Beer is proof that God loves us and wants us to be happy.
FEEDBACK NEEDED - Customs & Excise Act 1996 Review
The Government is undertaking a wholesale review of the Customs &Excise Act 1996 - an important 20 year improvement to the system. This is to be an operational review to make compliance and collection run more smoothly. It will not cover excise rates.
A consultation document has been released for public consultation. The discussion paper is on the Customs website and also in the members' area of the Guild website. Submissions close on 1 May 2015.
There is an excise working group (alcohol) meeting on Thursday 16 April which a representative from the Guild Exec will attend and we want to be able to represent your views.
The object of the Custom & Excise Act review is to:
Improve facilitation of travel and trade through the border and supports more effective Customs' border management
Have the flexibility to enable new developments associated with changes in business practices, technology or government policy
Achieves better alignment with other government agencies
From a brewing industry perspective we have identified 3 key areas that need to be addressed in the review. These reflect current brewing practices and the way that businesses operate in the 21st century. The below ensure that the Act, regulations and operational procedures, operate in a cohesive manner and in line with the intent of the Act (ie. that excise is a tax on consumption and not on manufacture).
Liability for Excise: Liability for excise is intended to arise at the point of entry for home consumption. However, rules relating to remissions mean that in practice liability for excise arises upon partial or complete fermentation for beer.
We propose that the liability for excise only arises upon entry for home consumption (ie. when goods have left the licenced Customs Controlled Area"CCA"). This would lead to a significant reduction in complexity and administration for brewers, as would remove the need to seek remissions for excisable product that has not left the CCA.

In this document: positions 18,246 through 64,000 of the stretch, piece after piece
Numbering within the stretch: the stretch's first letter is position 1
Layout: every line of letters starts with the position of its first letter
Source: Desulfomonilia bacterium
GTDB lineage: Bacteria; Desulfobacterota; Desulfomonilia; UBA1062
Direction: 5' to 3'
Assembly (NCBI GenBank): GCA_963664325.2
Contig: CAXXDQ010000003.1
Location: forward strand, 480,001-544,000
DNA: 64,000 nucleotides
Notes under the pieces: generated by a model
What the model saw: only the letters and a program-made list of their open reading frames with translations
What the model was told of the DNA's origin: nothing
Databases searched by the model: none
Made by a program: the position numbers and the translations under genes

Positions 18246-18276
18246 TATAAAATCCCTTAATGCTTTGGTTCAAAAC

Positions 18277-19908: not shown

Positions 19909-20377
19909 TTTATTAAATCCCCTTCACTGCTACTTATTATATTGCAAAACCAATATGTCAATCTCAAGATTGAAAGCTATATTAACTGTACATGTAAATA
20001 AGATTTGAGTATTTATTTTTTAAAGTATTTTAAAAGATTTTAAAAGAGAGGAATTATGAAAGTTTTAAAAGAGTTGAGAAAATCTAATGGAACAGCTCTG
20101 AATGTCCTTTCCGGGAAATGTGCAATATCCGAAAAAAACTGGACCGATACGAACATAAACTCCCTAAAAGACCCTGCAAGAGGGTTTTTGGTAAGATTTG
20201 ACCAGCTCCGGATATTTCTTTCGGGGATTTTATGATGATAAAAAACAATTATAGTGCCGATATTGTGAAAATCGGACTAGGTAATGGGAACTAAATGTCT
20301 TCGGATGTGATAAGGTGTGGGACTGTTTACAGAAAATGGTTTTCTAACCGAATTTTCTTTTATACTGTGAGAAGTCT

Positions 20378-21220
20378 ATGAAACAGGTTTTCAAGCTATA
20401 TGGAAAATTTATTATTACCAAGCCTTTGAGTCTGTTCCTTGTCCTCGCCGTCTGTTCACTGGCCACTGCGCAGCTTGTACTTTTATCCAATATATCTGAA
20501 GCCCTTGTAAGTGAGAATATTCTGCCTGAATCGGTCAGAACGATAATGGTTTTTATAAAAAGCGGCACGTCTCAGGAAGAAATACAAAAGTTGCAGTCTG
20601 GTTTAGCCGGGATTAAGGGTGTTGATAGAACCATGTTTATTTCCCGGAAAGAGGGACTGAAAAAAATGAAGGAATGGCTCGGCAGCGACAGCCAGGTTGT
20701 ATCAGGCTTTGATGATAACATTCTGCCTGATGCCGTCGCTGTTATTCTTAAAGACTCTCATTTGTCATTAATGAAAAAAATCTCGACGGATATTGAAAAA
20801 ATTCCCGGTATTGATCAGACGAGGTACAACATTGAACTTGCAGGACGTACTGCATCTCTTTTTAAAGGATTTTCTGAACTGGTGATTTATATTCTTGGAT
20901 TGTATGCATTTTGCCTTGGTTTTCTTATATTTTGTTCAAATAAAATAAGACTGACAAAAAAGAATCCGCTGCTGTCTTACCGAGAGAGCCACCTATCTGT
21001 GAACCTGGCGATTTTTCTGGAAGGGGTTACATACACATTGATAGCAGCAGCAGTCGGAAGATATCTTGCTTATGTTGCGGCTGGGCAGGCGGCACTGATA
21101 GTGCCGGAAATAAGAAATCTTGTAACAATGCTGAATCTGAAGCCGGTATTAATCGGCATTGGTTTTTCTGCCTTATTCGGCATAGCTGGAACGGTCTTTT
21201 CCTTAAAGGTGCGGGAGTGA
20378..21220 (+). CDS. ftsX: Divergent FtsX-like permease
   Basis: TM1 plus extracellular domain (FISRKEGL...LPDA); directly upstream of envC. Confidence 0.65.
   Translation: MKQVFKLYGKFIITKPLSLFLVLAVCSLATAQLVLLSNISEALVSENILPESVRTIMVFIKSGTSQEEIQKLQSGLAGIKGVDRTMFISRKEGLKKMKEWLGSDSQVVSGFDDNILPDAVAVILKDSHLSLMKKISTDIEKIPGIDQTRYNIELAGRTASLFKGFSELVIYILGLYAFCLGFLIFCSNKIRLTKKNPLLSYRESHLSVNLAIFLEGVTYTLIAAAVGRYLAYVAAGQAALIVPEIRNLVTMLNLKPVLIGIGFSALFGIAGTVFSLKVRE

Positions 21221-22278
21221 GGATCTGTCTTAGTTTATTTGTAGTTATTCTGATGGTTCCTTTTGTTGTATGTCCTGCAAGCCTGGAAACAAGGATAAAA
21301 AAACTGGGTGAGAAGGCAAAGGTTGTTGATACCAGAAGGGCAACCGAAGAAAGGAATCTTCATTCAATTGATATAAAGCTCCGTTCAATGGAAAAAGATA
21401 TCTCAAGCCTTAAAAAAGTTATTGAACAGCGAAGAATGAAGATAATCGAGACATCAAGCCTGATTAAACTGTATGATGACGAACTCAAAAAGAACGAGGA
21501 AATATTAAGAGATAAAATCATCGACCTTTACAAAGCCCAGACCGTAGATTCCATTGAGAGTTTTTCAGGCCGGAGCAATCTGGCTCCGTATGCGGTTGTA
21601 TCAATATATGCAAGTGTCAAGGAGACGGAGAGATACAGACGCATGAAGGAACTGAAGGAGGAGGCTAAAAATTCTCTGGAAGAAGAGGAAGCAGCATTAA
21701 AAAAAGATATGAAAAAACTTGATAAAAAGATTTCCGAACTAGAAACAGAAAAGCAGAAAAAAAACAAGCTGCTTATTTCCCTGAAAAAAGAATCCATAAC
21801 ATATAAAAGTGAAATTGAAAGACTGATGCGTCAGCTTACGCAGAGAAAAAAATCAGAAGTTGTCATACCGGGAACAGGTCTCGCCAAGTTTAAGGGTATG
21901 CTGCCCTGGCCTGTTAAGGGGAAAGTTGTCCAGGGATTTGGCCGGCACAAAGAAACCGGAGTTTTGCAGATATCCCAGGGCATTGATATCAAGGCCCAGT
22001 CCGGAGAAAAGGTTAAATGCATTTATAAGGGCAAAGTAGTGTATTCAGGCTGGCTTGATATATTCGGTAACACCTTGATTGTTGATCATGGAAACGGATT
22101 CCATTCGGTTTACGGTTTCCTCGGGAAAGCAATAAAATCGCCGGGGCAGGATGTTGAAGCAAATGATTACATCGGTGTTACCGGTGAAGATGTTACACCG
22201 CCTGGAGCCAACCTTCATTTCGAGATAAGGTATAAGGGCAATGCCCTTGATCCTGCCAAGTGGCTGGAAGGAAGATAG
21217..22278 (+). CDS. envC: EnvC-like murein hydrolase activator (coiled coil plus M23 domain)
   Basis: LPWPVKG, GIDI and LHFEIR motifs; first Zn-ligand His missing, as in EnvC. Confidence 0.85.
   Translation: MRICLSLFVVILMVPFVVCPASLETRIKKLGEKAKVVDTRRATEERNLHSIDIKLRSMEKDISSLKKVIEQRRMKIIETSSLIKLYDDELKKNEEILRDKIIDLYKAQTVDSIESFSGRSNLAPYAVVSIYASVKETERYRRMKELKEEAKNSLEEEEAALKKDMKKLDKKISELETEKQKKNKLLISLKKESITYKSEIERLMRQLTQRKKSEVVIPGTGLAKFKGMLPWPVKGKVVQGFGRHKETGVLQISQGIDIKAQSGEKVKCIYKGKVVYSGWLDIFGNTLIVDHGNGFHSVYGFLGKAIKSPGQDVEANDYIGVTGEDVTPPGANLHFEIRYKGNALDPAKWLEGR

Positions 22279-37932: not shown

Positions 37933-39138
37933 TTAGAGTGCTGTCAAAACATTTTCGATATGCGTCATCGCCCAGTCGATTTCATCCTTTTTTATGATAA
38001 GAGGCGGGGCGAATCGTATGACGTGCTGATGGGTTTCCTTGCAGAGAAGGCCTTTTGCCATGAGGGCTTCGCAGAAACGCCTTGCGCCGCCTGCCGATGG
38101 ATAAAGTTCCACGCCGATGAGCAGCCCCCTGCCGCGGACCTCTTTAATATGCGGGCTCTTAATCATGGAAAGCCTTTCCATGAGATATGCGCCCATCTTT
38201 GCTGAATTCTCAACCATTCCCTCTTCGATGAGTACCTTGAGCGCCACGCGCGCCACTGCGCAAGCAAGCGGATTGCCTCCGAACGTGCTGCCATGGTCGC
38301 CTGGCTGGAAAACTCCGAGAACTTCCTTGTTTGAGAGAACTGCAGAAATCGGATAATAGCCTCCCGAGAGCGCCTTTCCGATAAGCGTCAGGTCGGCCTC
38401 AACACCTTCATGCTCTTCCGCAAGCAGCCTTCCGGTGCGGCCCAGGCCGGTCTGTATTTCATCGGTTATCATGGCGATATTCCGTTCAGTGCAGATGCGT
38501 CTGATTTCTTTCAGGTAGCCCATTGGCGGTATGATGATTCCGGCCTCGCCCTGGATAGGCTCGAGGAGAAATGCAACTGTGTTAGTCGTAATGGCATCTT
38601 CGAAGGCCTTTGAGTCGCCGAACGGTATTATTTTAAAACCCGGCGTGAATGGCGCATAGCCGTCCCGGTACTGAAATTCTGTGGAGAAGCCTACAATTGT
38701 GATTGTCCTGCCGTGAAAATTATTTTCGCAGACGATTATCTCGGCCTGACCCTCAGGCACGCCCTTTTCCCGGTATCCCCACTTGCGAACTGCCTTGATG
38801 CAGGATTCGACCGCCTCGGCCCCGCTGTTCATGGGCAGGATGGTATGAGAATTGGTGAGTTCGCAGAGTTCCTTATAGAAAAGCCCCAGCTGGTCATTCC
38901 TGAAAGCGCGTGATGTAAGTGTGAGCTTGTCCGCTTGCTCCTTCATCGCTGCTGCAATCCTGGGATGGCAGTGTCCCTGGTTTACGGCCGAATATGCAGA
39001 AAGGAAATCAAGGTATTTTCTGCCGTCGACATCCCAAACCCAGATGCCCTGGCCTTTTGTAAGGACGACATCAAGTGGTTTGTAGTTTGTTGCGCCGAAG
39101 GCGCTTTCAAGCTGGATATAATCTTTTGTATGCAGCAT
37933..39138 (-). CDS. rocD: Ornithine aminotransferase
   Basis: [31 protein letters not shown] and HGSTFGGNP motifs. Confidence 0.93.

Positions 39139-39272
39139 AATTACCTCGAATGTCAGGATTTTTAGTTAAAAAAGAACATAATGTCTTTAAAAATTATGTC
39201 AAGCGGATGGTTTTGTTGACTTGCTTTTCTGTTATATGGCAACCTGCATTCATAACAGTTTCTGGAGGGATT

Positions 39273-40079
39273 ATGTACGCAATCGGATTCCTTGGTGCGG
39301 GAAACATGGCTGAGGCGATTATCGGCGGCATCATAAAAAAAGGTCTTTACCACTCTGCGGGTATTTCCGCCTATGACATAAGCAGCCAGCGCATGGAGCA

Licensing: Currently Licenced Areas are restricted to manufacturing, export, and temporary offsite storage permits (wine only). Movements between licenced CCA's are restricted to a narrow set of circumstances and subject to formal approval. We propose that there should be the ability to licence storage and distribution warehouses to reflect brewing and commercial operations (parity with wine). Movements between licenced CCA's should not be subject to duty.
There should be the ability to licence import warehouses as a CCA. Reduced complexity and administration as systems and processes are aligned. This would lead to a reduction in excise duty "leakage" (eg. where duty is currently paid on stock transferred to an unlicenced warehouse and no remission is available/granted on stock that is not sold to consumers and is disposed of within the licenced CCA). It would also reduce complexity and administration as systems and processes are aligned.
Remissions and Refunds: Currently the process is not automatic. A brewery must submit a formal request for remission. There is an onerous application of the rules as New Zealand Customs will exhaust all possible options before granting a remission and approvals for refunds and remissions are restricted to a narrow set of circumstances, and in some cases not aligned.
We propose the rules and regulations operate in a manner that is consistent with the liability for excise arising at the point of entry into home consumption, ie. when product leaves the licenced CCAnot at the point of manufacture. The remission/refund circumstances should be broadened to include circumstances where goods have "no commercial value" and are disposed of (eg. excess production, aged stock, trial product etc).
There should be clarity, consistency and alignment between the refund and remission rules and regulations. This would mean that there is significant reduction in the complexity and administration as refund/remission rules are clear and aligned. It would also lead to a reduction in excise duty "leakage" (eg. where duty is currently paid on stock transferred to an unlicenced warehouse and no remission is available/granted on stock that is not sold to consumers and is disposed of within the licenced CCA).